The Ebinport youth football team runs onto the field at Bank of America Stadium in Charlotte, N.C., prior to the preseason game between the Carolina Panthers and New York Giants on Aug. 13, 2011. (Photo by Jeff Siner/Charlotte Observer/MCT)

Chris Prawdzik, president of Chicago’s North Shore Youth Football Club, knows the ins and outs of youth football programming quite well. Youth Today recently asked the seven-year veteran of youth football management about key practices all directors and operators should to ensure a successful — and safe — experience for the nation’s youngest athletes.
Concussion Policies
“Set a policy, make sure everyone is aware of it, and you have everybody on board,” Prawdzik said.

Oftentimes, he explained, young athletes may want to continue playing after potential head injuries, but Prawdzik implores coaches to keep children out of action if they are displaying any concussion symptoms. “They need to sit out, and they need to be examined by a physician,” he said.

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Detector Protector: High School Athlete Dedicates Off-Field Time to Concussion Sensor Device Development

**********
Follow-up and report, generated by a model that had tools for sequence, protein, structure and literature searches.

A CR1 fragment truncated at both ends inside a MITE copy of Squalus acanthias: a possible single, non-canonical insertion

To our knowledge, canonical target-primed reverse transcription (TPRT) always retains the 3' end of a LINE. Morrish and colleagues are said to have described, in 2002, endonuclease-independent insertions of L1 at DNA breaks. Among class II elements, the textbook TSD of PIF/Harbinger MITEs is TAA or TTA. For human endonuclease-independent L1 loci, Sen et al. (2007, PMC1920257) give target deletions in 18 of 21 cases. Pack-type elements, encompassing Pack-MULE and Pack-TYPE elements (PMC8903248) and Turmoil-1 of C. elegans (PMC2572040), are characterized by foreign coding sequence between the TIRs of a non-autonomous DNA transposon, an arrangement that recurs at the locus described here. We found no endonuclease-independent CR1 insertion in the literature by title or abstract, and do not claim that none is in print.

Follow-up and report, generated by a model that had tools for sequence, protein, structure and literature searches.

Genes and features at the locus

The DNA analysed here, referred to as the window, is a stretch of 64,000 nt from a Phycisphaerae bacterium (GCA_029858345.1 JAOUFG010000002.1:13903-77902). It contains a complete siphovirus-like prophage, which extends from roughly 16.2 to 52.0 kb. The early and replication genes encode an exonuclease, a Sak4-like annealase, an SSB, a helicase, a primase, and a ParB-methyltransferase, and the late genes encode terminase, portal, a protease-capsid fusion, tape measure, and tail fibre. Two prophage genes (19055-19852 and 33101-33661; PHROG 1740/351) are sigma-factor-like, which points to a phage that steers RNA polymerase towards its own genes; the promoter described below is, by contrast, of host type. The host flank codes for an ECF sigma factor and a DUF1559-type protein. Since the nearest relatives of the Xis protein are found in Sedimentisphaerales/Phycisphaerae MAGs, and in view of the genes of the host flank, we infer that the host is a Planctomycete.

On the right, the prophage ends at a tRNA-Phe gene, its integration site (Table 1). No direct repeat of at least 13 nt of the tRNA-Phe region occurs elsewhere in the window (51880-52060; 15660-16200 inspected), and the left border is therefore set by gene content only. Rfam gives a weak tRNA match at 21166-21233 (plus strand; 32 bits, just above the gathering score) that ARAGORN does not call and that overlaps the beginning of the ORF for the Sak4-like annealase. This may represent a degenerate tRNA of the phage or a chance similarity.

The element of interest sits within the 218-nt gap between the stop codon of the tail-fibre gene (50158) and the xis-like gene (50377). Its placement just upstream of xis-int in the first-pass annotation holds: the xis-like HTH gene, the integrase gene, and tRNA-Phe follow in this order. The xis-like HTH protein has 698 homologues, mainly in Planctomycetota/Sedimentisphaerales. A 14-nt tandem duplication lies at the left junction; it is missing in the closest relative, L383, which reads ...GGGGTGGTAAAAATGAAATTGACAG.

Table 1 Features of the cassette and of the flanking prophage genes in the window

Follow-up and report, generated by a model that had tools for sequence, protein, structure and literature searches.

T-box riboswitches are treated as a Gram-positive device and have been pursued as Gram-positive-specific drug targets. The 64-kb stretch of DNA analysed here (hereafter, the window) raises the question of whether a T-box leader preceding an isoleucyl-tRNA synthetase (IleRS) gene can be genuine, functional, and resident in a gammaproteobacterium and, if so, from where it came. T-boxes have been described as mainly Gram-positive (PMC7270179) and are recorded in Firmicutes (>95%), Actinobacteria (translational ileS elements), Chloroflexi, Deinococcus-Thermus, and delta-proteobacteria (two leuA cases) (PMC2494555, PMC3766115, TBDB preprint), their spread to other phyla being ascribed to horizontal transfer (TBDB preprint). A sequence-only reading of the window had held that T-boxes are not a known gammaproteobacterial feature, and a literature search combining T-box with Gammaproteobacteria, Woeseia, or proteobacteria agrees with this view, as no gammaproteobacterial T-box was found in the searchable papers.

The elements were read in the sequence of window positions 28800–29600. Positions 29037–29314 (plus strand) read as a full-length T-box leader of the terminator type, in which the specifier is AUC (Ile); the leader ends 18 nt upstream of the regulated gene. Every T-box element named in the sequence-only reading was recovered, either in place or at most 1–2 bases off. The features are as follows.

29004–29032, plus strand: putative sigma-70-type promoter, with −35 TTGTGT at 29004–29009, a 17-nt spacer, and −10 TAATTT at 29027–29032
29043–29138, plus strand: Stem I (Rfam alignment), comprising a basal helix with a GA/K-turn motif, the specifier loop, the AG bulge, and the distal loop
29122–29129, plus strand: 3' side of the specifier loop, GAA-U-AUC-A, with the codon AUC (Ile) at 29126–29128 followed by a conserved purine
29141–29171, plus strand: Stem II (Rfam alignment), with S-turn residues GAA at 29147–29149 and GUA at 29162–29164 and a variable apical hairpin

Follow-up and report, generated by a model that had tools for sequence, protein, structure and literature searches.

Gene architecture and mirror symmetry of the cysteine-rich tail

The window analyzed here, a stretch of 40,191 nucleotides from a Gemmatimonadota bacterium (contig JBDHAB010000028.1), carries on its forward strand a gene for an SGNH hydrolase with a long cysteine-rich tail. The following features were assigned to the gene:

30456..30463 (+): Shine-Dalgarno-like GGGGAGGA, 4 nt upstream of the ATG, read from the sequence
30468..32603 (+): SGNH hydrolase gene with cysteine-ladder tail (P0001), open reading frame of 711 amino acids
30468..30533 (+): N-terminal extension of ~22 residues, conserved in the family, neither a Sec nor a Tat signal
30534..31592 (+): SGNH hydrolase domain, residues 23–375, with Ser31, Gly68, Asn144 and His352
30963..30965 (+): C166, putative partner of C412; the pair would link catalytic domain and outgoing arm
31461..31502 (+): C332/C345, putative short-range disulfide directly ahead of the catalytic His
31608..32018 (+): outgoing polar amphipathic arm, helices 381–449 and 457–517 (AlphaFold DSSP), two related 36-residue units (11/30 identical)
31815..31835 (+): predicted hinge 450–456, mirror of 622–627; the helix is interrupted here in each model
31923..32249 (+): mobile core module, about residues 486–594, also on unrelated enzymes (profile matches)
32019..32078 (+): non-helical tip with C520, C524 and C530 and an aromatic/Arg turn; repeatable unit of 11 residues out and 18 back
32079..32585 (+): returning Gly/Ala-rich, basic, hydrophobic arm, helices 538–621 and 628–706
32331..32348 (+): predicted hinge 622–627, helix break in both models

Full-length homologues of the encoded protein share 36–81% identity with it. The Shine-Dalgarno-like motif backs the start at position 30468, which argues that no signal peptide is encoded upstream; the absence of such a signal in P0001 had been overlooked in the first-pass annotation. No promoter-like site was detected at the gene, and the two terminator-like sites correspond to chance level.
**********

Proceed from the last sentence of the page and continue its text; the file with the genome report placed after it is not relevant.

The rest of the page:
Braeden Benedict poses for a portrait at Palos Verdes Peninsula High School in Rolling Hills Estates, Calif., on Feb. 28, 2012. Benedict won a national science award for a device (below) that can be fitted into youth football and lacrosse helmets to help identify potential concussions. He has applied for a patent. (Photos by Anne Cusack/Los Angeles Times/MCT)

In the Southern California coastal community of Palos Verdes, one high school student is developing devices that could help thousands of young people avoid serious sports-related brain injuries.

Since 2012, 16-year-old Braeden Benedict, a rising junior at Palos Verdes Peninsula High School, has developed two devices that are capable of detecting concussions in athletes.